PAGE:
Visual chunking as a strategy for spatial thinking in STEM

Mike Stieff*, Stephanie Werner, Dane DeSutter, Steve Franconeri, Mary Hegarty

*Corresponding author for this work

Research output: Contribution to journalArticlepeer-review

5 Scopus citations


Working memory capacity is known to predict the performance of novices and experts on a variety of tasks found in STEM (Science, Technology, Engineering, and Mathematics). A common feature of STEM tasks is that they require the problem solver to encode and transform complex spatial information depicted in disciplinary representations that seemingly exceed the known capacity limits of visuospatial working memory. Understanding these limits and how visuospatial information is encoded and transformed differently by STEM learners presents new avenues for addressing the challenges students face while navigating STEM classes and degree programs. Here, we describe two studies that explore student accuracy at detecting color changes in visual stimuli from the discipline of chemistry. We demonstrate that both naive and novice chemistry students’ encoding of visuospatial information is affected by how information is visually structured in “chunks” prevalent across chemistry representations. In both studies we show that students are more accurate at detecting color changes within chemistry-relevant chunks compared to changes that occur outside of them, but performance was not affected by the dimensionality of the structure (2D vs 3D) or the presence of redundancies in the visual representation. These studies support the hypothesis that strategies for chunking the spatial structure of information may be critical tools for transcending otherwise severely limited visuospatial capacity in the absence of expertise.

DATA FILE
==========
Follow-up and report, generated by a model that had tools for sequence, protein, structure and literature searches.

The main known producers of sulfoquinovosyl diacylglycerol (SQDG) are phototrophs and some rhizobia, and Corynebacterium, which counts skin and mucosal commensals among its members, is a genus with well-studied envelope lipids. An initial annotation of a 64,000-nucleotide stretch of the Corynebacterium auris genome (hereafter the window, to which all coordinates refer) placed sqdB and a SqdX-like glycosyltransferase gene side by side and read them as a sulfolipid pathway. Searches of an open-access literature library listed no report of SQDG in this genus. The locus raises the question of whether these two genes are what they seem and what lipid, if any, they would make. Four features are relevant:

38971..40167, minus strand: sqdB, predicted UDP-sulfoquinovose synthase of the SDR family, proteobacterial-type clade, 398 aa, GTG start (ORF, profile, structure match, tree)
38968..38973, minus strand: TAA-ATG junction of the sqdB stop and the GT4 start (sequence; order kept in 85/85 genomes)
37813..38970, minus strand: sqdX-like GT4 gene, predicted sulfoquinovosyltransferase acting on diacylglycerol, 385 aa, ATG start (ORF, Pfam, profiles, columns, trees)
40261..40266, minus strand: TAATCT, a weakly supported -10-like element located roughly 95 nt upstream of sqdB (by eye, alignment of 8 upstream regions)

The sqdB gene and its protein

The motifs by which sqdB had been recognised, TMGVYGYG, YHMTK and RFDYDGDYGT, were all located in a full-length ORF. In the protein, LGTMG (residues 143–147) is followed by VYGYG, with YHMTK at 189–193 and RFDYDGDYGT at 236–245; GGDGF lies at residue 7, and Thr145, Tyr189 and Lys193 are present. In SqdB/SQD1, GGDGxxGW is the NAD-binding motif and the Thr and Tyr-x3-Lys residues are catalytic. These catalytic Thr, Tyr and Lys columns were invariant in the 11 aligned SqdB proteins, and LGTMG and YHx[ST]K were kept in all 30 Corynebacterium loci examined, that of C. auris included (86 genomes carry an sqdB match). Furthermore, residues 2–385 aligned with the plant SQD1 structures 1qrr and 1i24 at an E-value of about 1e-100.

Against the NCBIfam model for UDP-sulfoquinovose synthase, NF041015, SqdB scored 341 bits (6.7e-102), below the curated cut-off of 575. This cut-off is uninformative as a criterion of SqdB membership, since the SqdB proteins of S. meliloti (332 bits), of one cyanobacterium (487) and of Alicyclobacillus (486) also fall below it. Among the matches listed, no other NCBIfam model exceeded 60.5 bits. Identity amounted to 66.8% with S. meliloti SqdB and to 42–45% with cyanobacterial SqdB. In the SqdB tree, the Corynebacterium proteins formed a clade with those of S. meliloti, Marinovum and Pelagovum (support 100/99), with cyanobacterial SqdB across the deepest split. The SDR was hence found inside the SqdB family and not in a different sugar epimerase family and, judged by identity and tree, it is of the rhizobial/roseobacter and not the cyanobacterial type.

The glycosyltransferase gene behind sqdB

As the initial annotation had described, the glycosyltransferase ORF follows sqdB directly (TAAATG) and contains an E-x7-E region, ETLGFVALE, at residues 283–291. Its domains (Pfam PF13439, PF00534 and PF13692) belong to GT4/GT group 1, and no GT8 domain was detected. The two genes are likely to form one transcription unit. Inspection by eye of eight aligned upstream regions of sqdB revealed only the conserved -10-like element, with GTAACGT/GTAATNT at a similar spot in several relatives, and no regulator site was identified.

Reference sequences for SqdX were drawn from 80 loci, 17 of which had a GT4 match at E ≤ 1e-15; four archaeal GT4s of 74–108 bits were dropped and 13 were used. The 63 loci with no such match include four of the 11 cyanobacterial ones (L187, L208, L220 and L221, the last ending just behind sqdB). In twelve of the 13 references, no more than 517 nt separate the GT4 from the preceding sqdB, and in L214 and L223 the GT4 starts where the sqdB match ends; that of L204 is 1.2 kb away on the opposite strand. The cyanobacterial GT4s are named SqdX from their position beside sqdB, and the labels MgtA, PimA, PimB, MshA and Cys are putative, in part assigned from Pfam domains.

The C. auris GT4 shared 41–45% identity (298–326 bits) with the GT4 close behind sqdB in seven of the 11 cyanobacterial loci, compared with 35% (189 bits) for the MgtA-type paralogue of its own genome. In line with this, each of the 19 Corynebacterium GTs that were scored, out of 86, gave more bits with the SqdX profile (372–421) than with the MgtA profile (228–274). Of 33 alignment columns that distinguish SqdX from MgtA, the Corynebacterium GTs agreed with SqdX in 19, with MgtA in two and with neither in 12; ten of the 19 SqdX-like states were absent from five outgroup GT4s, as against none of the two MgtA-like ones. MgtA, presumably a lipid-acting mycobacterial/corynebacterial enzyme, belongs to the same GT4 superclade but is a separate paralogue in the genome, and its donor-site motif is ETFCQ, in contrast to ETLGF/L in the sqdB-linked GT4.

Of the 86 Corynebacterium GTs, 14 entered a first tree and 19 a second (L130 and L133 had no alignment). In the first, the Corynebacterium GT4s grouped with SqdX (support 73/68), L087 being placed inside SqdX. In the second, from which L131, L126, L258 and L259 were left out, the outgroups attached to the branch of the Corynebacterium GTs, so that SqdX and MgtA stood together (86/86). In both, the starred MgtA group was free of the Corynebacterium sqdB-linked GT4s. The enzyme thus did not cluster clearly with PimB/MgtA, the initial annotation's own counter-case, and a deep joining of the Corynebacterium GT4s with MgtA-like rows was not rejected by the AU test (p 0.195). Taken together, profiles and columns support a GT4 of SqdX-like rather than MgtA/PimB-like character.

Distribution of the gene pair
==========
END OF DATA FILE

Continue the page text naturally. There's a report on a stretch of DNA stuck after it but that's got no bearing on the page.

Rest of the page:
Original languageEnglish (US)
Article number18
JournalCognitive Research: Principles and Implications
Issue number1
StatePublished - Dec 1 2020


  • Visual Memory, Expertise, Spatial skills

ASJC Scopus subject areas

  • Experimental and Cognitive Psychology
  • Cognitive Neuroscience
  • Medicine(all)


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